On the right Garibaldi's men slowly forced the Neapolitans to advance, but at heavy cost. Eventually, by the early afternoon, Bosco had been forced back to his last position outside Milazzo. This was at the point where the main road along the eastern beach crossed a bridge over a culvert leading to the sea, and was close to a Tunny pickling factory on the shore. Bosco had posted two of his eight guns here, but Garibaldi was able to call on some last reserves and managed to take the position. One gun was captured and one was withdrawn into the town.

At this point Garibaldi's habit of putting himself in the front line almost caused a disaster. Bosco ordered his cavalry to retake the lost gun. They charged along the road out of the town and scattered Garibaldi's men. The cavalry then found itself dangerously isolated amongst scattered enemies, and was forced to retire, loses several men on the way. As they retreated they found Garibaldi and one of his aides alone in the road, and a fierce melee followed. Garibaldi and his aide Missori managed to fight off this last attack, and the cavalry retreated into the town.

At this point the front line had rotated anti-clockwise. Bosco's men had advanced in the west but been forced to retreat in the east. Garibaldi's men were holding their positions on both flanks, but the troops on the right suffered heavy losses as they came under small arms fire from the town gate and cannon fire from the castle above the town. Garibaldi ordered most of his men to take shelter in the tunny factory, while others kept up a harassing fire against the garrison. This pause in the east lasted for about two hours.

While his men were sheltering on the right Garibaldi moved to the left. He now had a small navy, made up of the Tüköry, a ten-gun paddle steamer that had deserted from the Neapolitan navy. This ship arrived off the coast at Milazzo on the afternoon of the battle. Garibaldi was rowed out to his warship and ordered it to open fire on the victorious Neapolitan right wing. This naval bombardment, combined with news from their left, forced the Neapolitans to retreat, and Garibaldi's men were able to advance up to the town.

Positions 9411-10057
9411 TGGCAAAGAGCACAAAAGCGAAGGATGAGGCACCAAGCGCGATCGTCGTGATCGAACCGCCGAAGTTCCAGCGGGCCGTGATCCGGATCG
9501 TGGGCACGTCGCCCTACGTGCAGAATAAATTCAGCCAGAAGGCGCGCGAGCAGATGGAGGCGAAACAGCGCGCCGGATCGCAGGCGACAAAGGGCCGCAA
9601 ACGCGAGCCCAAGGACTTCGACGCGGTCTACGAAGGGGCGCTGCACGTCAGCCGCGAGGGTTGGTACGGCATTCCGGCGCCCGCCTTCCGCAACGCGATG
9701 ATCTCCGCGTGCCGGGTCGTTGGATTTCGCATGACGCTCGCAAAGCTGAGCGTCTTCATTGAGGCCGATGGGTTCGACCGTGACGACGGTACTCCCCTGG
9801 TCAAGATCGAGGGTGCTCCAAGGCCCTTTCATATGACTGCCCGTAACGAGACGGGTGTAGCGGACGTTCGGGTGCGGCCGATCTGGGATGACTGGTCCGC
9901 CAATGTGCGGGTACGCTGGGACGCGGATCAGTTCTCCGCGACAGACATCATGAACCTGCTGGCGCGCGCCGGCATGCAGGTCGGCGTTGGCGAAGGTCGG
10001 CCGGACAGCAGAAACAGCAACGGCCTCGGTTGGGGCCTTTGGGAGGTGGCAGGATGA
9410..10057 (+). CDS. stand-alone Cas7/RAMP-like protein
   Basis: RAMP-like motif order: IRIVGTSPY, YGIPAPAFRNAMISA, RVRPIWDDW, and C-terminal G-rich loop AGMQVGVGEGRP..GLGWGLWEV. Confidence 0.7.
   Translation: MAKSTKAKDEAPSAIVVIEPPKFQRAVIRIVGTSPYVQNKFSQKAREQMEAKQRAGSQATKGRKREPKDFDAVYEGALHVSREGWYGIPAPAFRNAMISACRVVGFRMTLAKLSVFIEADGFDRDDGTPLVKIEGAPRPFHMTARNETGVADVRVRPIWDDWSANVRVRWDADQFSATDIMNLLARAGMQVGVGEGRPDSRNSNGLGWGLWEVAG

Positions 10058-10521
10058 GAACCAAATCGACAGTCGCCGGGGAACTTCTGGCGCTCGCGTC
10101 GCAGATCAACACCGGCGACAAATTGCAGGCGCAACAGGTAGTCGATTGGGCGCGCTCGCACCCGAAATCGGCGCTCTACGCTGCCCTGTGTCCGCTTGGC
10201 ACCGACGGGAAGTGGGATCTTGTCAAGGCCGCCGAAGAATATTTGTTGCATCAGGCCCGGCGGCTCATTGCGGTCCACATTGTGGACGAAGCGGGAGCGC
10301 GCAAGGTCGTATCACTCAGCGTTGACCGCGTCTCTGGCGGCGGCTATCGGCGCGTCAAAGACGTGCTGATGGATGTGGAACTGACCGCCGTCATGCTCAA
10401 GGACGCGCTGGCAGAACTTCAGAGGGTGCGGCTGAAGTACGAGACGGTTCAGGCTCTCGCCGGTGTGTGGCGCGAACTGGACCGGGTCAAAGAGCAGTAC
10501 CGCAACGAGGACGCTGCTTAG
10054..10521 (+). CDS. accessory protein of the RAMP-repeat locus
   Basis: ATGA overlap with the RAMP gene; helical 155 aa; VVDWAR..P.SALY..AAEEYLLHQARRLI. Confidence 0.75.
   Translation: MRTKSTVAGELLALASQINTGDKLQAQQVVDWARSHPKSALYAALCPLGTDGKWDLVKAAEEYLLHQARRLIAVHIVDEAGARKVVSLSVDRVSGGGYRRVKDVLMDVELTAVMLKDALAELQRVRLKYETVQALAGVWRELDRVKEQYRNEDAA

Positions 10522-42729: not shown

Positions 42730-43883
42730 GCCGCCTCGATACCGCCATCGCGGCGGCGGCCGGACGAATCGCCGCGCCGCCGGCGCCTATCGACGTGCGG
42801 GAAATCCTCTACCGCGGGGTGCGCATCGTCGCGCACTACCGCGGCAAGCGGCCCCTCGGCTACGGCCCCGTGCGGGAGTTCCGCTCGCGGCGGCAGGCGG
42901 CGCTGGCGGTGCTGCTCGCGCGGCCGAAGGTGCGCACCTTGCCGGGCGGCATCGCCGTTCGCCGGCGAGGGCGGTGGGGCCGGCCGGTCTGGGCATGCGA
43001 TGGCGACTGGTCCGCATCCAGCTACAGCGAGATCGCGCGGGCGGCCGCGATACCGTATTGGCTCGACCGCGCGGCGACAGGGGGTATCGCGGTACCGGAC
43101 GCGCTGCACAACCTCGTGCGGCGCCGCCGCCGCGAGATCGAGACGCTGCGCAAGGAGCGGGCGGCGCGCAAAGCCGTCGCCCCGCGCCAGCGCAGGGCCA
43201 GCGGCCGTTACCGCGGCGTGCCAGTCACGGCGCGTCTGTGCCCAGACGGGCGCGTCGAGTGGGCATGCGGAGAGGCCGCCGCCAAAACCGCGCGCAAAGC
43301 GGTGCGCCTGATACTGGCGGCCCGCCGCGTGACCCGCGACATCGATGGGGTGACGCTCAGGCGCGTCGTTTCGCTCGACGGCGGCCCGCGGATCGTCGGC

After eight hours of hard fighting Bosco had been forced out of all of his defensive positions and was now under siege in the town. He reported his losses in this fighting at 150 men, but his army was now badly demoralised. He decided not to try and hold the town and instead moved his entire army into the castle.

At about 4pm Garibaldi's men attempted to enter the town and found that it was undefended. They moved into the town, built barricades to guard against any sortie from the castle, and prepared for a blockage. Bosco still held a strong position, for Garibaldi lacked any siege guns, but there were few supplies in the castle, and the morale of his men began to crumble. Clary, at Messina, had more than enough men to come to Bosco's aid and the arrival of a significant force from his garrison of 15,000 fresh troops might have turned the tables on Garibaldi, but no such effort was made. Clary and Bosco were able to communicate by semaphore, and passed discouraging messages between themselves, all intercepted by Garibaldi's men.

The government in Naples also briefly considered sending a relief force, but the Navy refused to cooperate and instead they sent a transport fleet with orders to evacuate the garrison. This fleet arrived on 23 July, and a capitulation was quickly negotiated. The garrison marched out with their arms and half of their mules, while the cannons in the castle, their ammunition, all of their horses and their remaining mules were left behind. The garrison marched out of the castle on 25 July and was shipped away to Messina.

Garibaldi's men followed close behind. They entered Messina without facing any opposition, despite still being outnumbered by the garrison. On 28 July Clary signed an armistice in which he agreed to restrict his men to the castle and not to open fire on Garibaldi's men or ships. This removed the last major obstacle on Sicily to Garibaldi's crossing to the mainland. There was a risk that Britain and France would combine to prevent the crossing, but this was averted by Cavour's diplomacy, and on the night of 18-19 August Garibaldi slipped past the Neapolitan navy and crossed to the mainland.

The Second War of Italian Unification 1859-61, Frederick C. Schneid. Focuses on the three separate conflicts that made up the Second War of Italian Unification (the Franco-Austrian War, Garibaldi's invasion of the kingdom of Naples and the invasion of the Papal State), the conflict that saw the creation of the Kingdom of Italy. [read full review]
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Solferino 1859: The Battle for Italy's Freedom, Richard Brooks. The battle of Solferino was the main event in the Franco-Austrian War of 1859, a key moment in the unification of Italy, and the first battle to be decided at least partly by the extensive use of the railway and steamships and rifled artillery. It also led directly to the foundation of the Red Cross, but despite these claims to fame it has since been overshadowed by the American Civil War and Franco-Prussian War. Brooks' volume is an excellent single-volume account of the entire campaign, and will be of value to anyone with an interest in nineteenth century warfare [see more].
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How to cite this article: Rickard, J (14 February 2013), Battle of Milazzo, 20 July 1860 , http://www.historyofwar.org/articles/battles_milazzo.html